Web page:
World War 1 Rhetorical Analysis

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In the above poster entitled, Gee!! I Wish I Were a Man, I'd Join the Navy. Be a Man and Do It., the image of a youthful young woman was dressed up in a men’s Navy uniform stating that if she were a man, she would join the Navy. Not only is this type of propaganda a blatant form of using sex to get a man’s attention, but also a form of demasculinization/humiliation, motivation, and patriotism. During World War I, President Wilson established the Committee on Public Information (CPI), which was directed by George Creel and its main function was to promote the war effort via propaganda. One of the ways that they promoted the war effort was with the use of posters as seen above. These posters used various means of shaping the publics opinion about the war, who our enemy was, and our need to be involved. They also helped shape public support in recruitment, patriotism, and learning to sacrifice for ones country. As Clayton Funk argues in his article “Popular Culture, Art Education, and the Committee on Public Information During World War I, 1915-1919,” the CPI tried to romanticize the war to the American public instead of letting them know the real truth about the tragedies of war through outright censorship. By using a sexy image as a tool, this woman seemed to be …show more content…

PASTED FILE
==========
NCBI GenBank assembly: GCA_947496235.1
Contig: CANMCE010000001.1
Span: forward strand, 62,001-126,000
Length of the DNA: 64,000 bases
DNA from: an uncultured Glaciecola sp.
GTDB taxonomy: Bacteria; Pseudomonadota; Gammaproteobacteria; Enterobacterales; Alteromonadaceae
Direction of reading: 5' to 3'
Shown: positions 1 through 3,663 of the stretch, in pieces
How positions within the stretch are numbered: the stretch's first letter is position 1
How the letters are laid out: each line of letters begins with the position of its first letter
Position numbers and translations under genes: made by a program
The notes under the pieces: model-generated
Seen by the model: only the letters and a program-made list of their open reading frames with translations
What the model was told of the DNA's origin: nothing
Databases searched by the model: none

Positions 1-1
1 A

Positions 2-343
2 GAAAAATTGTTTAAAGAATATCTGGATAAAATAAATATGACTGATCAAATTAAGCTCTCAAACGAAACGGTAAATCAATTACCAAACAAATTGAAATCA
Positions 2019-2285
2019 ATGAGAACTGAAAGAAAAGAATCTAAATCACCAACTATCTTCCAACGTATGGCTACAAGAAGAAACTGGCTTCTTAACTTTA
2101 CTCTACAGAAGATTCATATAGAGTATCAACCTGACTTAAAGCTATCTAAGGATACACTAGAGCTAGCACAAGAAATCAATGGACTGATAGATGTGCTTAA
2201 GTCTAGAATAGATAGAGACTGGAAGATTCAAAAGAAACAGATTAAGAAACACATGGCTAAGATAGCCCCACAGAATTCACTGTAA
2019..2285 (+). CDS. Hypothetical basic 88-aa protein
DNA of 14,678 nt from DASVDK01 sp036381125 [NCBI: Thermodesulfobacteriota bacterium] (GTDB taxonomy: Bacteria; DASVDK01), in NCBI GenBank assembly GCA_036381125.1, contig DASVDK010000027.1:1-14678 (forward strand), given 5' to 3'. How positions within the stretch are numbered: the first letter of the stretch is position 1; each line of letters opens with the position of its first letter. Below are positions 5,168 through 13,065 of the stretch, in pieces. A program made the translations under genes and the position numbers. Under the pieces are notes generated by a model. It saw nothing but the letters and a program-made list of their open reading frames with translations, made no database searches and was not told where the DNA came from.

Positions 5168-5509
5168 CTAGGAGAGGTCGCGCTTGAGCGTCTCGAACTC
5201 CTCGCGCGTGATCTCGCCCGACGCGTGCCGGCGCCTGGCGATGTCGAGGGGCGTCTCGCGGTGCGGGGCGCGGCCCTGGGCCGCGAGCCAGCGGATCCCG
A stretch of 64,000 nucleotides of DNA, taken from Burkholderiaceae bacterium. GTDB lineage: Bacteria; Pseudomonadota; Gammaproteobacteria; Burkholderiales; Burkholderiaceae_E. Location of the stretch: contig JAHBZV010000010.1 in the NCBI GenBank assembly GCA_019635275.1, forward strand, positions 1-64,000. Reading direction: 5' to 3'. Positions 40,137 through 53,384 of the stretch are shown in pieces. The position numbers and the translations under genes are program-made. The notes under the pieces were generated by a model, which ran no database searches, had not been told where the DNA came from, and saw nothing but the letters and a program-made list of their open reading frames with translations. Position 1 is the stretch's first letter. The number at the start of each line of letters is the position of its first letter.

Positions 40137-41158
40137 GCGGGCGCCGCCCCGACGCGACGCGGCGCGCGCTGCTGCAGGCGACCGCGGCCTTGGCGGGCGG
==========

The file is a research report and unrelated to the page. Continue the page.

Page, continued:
Because this poster had a woman depicted in a man’s uniform, women felt motivated to encourage their husbands, brothers, and fathers to join the military and/or support the war effort. Propaganda worked in this situation because, obviously, if this woman “were a man” and would “do it,” why should her husband not do “it”? A lot of war propaganda was aimed at women to encourage them to do things such as: purchase war bonds, eat certain foods, save scrap metal, become nurses, etc. The major theme in many of the war time posters were encouraging men to do their patriotic duty and join the military and/or women to join the nursing

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